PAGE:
source : www.smh.com.au
“Every day I miss my breasts and my nipples and everything that looked like,” Barter says. “(The bra) has the potential to be helpful or empowering for some women who find it a very difficult process to go through, and it is.”
Interestingly, the usefulness of a bra with fake nipples varies significantly from person to person, says Dr Sophie Lewis, senior lecturer at the University of Sydney’s Sydney School of Health Sciences.
“There are many types of breast forms to suit the different needs of breast cancer survivors, and this bra offers one more option… if they choose to do so,” says Lewis.
“But I think it’s also important to keep in mind that for some, showing the reality of their breast- and nipple-free breasts is important to represent and celebrate the full range of different body types.”
However, if a bra with fake nipples makes someone feel better about themselves, they should be able to wear it without judgment, Barter says. That, in turn, shouldn’t diminish others’ efforts to dismantle societal norms around breasts and nipples — there needs to be room for both, she says.
Regardless of its potential value to people with breast cancer and the fact that it was announced in October, Breast Cancer Awareness Month, the product’s ad campaign does not address cancer at all. Some, like Craig, see it as “accidentally fun and inclusive,” but others are more dubious about its tentative connection.
“Actual awareness around mastectomy would be more appreciated, or the promotion of more permanent solutions such as 3D nipple tattoos or transplants,” says metastatic breast cancer campaigner Katie-Marie Thorpe.
It’s sparked a lot of discussion online, but Kardashian’s nipple bra isn’t the first of its kind. For example, Just Nips, founded by Molly Borman in 2017, sells reusable fake nipple prostheses that are mainly intended for breast cancer patients and survivors.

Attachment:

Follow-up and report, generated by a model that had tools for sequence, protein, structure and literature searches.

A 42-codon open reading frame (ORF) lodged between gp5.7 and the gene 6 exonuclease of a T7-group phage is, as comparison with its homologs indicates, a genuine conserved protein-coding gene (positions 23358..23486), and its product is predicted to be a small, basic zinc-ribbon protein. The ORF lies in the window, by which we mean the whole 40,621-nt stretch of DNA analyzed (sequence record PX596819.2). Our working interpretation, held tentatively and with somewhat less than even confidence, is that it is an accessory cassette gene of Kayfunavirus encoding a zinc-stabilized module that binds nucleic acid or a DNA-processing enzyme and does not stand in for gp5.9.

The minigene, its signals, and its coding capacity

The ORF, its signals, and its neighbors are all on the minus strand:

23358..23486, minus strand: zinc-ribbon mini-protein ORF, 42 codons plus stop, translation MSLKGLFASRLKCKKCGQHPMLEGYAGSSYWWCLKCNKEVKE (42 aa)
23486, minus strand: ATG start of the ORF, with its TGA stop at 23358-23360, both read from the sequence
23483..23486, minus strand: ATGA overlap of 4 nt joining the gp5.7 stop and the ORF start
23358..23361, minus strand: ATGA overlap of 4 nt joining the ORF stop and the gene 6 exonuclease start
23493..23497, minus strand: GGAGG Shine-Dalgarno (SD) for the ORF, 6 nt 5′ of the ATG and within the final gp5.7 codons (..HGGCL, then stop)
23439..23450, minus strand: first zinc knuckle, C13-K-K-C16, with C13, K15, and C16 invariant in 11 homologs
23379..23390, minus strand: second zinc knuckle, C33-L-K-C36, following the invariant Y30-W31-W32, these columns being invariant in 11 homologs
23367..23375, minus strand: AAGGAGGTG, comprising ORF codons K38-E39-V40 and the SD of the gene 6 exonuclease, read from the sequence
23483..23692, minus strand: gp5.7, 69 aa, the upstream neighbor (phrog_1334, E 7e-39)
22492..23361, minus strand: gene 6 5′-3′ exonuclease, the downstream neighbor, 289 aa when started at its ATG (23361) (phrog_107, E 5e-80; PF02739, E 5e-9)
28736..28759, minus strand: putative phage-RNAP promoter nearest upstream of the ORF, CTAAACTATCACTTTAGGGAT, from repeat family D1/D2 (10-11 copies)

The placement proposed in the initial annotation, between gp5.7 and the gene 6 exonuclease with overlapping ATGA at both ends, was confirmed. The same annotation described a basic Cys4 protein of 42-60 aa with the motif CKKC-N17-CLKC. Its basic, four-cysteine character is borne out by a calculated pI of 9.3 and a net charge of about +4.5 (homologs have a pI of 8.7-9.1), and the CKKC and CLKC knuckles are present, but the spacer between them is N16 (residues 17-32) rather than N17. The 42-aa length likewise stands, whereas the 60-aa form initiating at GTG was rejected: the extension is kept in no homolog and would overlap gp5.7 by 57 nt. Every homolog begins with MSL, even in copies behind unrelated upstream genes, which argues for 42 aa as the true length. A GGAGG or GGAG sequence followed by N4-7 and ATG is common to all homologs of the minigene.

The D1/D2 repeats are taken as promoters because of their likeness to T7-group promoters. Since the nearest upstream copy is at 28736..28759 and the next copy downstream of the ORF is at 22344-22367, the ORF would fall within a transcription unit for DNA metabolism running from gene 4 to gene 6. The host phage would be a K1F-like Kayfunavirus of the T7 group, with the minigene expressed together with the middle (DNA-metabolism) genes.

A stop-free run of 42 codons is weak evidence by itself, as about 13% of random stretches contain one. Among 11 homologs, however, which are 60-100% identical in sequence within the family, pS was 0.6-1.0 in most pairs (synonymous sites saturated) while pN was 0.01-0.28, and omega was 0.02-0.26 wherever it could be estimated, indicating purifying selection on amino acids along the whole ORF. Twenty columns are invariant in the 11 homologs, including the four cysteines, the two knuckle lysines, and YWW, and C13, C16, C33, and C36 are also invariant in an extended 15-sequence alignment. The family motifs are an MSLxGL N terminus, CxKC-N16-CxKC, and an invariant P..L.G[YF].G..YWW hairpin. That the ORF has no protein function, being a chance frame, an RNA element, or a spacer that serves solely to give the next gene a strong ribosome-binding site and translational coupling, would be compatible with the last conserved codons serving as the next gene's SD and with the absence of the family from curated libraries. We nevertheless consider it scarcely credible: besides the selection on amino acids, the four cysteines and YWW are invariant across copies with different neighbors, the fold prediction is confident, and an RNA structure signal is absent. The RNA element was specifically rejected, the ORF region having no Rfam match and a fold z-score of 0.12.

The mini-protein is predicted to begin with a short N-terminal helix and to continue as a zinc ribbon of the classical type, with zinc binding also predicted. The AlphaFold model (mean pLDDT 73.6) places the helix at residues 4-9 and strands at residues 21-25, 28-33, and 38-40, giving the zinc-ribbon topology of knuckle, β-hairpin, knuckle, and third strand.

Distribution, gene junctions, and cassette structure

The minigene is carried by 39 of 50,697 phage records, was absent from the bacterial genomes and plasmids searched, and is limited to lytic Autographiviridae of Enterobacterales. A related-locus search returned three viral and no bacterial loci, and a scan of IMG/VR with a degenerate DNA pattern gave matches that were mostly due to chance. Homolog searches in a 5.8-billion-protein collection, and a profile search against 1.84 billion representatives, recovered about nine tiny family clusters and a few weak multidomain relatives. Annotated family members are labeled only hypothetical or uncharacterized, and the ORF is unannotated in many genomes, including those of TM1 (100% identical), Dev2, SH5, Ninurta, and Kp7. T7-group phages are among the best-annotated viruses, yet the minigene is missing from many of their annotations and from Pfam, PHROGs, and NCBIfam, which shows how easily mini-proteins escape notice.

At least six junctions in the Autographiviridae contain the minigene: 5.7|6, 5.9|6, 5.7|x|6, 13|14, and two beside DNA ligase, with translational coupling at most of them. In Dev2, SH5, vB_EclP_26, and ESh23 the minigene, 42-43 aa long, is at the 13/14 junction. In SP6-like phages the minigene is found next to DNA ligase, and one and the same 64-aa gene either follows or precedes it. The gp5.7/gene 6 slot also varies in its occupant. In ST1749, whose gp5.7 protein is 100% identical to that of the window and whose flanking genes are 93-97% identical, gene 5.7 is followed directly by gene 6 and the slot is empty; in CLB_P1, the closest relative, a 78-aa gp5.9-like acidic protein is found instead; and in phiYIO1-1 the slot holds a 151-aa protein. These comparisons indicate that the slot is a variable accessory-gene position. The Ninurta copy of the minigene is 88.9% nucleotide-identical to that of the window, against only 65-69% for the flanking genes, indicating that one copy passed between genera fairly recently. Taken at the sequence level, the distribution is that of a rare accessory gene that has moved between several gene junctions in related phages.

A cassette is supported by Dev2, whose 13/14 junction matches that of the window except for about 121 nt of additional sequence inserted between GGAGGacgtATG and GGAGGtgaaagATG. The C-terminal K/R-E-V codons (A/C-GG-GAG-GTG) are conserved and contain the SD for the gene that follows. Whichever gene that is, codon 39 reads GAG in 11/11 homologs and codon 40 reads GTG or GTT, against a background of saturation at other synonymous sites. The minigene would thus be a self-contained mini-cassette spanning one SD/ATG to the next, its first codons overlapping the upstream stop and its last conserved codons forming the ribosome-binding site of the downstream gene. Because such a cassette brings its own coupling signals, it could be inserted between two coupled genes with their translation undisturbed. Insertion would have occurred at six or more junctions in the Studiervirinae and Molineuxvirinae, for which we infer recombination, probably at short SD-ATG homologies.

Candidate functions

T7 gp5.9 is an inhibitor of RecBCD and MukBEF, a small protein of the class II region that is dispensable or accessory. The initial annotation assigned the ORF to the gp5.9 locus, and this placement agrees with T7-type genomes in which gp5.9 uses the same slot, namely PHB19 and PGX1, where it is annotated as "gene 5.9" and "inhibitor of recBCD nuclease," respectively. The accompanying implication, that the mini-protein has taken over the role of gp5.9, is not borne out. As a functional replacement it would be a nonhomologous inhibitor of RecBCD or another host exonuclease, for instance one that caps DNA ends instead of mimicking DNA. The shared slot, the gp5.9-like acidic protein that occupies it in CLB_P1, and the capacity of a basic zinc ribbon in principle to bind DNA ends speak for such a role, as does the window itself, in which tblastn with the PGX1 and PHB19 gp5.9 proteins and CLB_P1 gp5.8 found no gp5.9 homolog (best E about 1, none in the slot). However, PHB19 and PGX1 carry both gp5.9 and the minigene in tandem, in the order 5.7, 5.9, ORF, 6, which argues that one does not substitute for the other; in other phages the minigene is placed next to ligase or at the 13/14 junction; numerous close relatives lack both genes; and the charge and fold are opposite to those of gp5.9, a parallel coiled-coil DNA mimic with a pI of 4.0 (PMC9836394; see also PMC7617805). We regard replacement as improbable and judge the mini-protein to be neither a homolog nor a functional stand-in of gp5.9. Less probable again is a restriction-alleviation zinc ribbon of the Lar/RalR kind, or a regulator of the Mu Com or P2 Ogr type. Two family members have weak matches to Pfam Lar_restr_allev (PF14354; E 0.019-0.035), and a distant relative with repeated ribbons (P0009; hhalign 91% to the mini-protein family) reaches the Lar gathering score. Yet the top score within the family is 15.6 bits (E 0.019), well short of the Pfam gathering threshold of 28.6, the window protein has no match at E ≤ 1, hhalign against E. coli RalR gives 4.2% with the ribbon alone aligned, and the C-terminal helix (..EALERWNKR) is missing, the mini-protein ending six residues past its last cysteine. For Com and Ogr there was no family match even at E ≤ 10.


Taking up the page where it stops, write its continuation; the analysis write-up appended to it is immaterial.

“Many women who don’t have nipples wear our products… to raise awareness about some of the many side effects of breast cancer that others don’t know about,” says Borman. “Women also wear our products to accentuate the feminine shape. We’ve had women write that they wanted extra confidence on a first date or even a job interview, and they wore our products to feel their best.”
Lauren Rosewarne, an associate professor at the University of Melbourne who researches gender and feminism, says the “no-bra look” has gone in and out of fashion over the years, dating back to the ’60s and ’60s. 70. It reached a peak in 2012 when the ‘free the nipple’ campaign drew attention to the existing double standard between male and female nipples.
However, Rosewarne rejects any suggestion that the SKIMS nipple bra is part of this type of feminist movement.
“SKIMS is a company that revolves around making money. A nod to feminism works as a means of defining an identity for the company,” she says.
Anyway, both Barter and Craig are curious to try the new perky product.
“A large percentage of women make life-changing and saving decisions every day because they face not only the threat of cancer, but also a risk of cancer,” says Barter. “It changes their body and how they feel about it, and it’s directly connected to our breasts and nipples and our identity.
“If the bra helps people, I think that’s very powerful.”
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source : www.smh.com.au